I brought a teleworker phone — er, excuse me, a Mitel 5220 VoIP set —
home from work a while ago to play with, and to use when I work from
home. Some networking issues here (mostly involving being too lazy to
set up a dhcp server behind the second router) prevented me from
getting it up and going until now, so tonight was my first chance
to try it. I can see now why our VARs are getting excited about this.
I have a extension from work sitting on my desk and all I had to do
to get it was plug in a ethernet cable and a power supply.
This is really one nifty setup. First of all, it’s a box that
everyone and their dog would identify as a phone. It doesn’t need
a computer to be around, it’s not a black box with a headset (although
it supports the same headsets our standard desk phones support). It’s just a desk phone that works like a desk phone.
It’s designed (only) for corporate use, so it’s not
“Internet calling” or anything like that. What it does do
is this: You plug it in somewhere that is Internet-connected and
provides DHCP — even behind a NAT gateway — and it works identically
to the way it would work on your desk at the office, with no interaction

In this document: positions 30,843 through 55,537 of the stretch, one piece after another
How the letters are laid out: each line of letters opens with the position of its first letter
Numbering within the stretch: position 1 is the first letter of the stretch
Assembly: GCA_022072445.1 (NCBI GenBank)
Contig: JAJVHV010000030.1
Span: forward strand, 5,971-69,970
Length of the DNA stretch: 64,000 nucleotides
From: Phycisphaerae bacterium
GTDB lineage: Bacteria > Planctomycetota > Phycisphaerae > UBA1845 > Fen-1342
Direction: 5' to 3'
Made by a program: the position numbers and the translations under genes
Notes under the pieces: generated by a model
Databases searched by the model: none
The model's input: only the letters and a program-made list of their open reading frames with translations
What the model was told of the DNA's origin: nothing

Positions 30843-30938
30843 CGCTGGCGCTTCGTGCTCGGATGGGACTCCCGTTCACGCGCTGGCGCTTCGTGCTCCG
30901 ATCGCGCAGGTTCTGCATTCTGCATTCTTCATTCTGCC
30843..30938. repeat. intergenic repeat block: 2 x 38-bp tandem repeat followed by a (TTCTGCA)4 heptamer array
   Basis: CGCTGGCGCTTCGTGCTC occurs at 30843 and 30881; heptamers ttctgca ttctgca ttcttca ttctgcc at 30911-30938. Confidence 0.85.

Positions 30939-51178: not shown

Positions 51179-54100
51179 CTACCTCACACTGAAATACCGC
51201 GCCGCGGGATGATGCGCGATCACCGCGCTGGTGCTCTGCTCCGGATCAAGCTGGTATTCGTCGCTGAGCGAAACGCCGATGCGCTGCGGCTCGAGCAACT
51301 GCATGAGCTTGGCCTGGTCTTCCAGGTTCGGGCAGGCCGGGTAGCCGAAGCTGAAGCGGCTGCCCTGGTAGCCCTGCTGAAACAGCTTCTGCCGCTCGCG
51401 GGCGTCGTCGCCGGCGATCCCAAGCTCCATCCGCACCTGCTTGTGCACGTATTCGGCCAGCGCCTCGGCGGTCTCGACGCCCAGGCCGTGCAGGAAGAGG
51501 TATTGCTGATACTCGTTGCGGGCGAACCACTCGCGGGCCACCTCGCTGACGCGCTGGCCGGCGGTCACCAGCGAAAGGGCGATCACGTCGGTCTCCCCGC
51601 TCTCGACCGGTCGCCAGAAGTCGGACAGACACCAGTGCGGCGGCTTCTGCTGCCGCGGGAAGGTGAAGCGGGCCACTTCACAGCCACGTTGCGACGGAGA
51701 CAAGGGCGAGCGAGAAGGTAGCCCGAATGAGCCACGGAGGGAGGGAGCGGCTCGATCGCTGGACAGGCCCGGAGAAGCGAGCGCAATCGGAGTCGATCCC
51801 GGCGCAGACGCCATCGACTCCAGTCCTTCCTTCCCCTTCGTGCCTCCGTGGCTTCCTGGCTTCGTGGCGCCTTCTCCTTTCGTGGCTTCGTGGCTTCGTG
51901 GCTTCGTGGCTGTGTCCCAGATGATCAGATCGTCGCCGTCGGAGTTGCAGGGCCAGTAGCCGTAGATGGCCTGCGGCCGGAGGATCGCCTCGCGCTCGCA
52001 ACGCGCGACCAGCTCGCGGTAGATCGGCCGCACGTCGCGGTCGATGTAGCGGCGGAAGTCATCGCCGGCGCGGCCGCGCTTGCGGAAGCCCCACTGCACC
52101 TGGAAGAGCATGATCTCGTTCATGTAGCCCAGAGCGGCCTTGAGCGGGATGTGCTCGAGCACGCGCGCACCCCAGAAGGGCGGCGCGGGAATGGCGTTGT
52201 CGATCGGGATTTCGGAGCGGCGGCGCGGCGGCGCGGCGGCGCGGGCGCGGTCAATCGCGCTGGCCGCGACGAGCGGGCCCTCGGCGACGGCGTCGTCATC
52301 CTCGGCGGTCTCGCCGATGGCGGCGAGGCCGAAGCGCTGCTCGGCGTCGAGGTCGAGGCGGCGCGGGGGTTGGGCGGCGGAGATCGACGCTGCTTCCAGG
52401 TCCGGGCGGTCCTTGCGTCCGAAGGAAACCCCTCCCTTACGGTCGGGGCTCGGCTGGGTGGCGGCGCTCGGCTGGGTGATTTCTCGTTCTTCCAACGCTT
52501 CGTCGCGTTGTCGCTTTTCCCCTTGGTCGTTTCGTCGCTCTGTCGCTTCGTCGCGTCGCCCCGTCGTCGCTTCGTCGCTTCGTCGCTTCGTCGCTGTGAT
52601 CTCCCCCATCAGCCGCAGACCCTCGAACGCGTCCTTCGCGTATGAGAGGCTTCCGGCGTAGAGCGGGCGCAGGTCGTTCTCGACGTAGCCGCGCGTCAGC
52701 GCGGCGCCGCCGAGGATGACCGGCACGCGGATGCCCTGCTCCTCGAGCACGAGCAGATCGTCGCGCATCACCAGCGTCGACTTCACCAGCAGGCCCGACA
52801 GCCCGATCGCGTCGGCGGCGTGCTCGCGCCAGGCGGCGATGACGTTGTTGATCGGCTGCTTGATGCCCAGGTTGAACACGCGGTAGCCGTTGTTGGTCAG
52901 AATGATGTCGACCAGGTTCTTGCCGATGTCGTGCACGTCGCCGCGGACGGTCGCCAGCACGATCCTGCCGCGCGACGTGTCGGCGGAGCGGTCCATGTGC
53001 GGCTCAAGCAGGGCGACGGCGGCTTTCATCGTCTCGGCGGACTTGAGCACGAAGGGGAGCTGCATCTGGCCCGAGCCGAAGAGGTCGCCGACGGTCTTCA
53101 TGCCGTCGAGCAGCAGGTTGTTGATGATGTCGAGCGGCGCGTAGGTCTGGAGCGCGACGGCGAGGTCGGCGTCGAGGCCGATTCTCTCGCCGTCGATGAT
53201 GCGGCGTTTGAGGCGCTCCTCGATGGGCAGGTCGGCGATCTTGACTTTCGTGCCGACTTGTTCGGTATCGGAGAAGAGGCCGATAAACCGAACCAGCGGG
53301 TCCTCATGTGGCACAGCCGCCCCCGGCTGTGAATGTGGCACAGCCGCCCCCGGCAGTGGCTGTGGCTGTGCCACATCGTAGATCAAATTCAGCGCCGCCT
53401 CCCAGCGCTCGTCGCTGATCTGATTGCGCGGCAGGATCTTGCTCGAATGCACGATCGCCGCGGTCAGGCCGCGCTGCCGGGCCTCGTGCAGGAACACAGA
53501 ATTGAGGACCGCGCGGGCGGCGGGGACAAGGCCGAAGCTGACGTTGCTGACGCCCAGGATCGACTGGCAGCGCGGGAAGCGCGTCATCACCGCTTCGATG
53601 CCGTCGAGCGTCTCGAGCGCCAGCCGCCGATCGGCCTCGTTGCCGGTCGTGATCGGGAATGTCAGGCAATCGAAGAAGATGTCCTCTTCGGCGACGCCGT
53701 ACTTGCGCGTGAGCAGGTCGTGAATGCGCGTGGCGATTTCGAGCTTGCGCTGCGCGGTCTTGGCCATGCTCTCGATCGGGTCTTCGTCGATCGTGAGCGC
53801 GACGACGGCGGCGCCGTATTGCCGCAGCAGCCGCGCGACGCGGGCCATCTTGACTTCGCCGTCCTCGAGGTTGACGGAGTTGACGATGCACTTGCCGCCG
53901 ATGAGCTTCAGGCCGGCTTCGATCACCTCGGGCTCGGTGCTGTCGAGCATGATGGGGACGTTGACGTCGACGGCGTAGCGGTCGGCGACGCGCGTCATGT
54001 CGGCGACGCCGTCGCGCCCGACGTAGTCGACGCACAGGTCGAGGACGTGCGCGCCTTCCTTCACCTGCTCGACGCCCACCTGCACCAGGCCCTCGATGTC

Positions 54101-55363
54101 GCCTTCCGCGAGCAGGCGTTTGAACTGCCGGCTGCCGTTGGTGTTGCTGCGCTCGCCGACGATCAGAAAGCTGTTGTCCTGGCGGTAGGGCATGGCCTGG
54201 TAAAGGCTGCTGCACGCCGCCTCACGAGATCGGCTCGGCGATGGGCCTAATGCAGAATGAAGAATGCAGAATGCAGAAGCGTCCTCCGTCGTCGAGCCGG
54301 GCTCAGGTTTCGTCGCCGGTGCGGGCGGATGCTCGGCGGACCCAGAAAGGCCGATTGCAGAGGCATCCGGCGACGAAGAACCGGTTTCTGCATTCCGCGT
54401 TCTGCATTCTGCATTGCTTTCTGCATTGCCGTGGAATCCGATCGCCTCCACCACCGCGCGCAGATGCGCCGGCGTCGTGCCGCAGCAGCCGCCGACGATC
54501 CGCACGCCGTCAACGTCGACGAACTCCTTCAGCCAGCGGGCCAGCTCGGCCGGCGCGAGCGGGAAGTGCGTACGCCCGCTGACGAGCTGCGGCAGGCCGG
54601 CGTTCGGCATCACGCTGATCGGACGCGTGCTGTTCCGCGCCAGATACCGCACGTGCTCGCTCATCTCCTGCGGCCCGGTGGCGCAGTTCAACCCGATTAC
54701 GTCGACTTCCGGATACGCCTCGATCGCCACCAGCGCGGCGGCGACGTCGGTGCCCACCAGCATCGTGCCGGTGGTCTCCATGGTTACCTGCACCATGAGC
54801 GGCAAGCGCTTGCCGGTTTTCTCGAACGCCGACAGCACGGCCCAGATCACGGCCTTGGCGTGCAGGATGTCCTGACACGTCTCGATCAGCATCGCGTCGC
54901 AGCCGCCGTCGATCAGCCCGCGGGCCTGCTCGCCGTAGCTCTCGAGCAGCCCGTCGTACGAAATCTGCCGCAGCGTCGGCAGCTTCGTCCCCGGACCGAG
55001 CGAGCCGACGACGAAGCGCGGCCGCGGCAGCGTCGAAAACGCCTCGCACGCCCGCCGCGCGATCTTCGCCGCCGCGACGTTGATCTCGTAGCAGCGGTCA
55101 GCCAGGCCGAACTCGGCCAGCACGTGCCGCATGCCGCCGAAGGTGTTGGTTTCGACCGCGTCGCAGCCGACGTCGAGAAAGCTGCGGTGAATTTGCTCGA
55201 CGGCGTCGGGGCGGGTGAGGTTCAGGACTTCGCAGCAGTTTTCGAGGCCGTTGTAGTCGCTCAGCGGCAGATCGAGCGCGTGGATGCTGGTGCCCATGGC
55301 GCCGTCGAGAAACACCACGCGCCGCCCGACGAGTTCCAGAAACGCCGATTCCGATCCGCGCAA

at all to get it started. And the control and data connections between
the phone and the office are encrypted, so you don’t need to establish a
VPN from wherever you are to the office to keep things secure.
It sounds simple, but this thing sells itself. A salesman who’s
often on the road gets his usual extension, voicemail, and presets
at the hotel and at the trade show without having to co-ordinate
anything with the hotel or trade show staff beyond an ethernet jack;
support people can work from home without having to route calls over
PSTN; people can switch desks inside the company and out to non-VPN’d
branch offices without rewiring or repatching; and all of this without
having to train the users anything beyond “plug in the cable”.
(On the office side you’ve got one of our ICPs (IP PBXes, if you like),
with a 6010 Teleworker Gateway between the ICP and the Internet; the
phone is programmed to talk to the 6010, which performs the necessary
magic to get it up and running. The 6010 is based on the 6000 Managed
Application Server, which used to be the e-smith server and gateway,
so the teleworker project was the one that kept my group around and
me in work.)
One interesting part is that I don’t think this would sell as software
or as a software and peripheral bundle; people don’t trust soft
phones yet, because they think that hardware shaped like a phone is
reliable and hardware shaped like a computer is not. “You plug in
your phone and it just works” is a much more impressive pitch than
“This software works from anywhere!”, even though the software is
easier to carry around.
The secret to practical VoIP is to make it act like it’s not VoIP at all.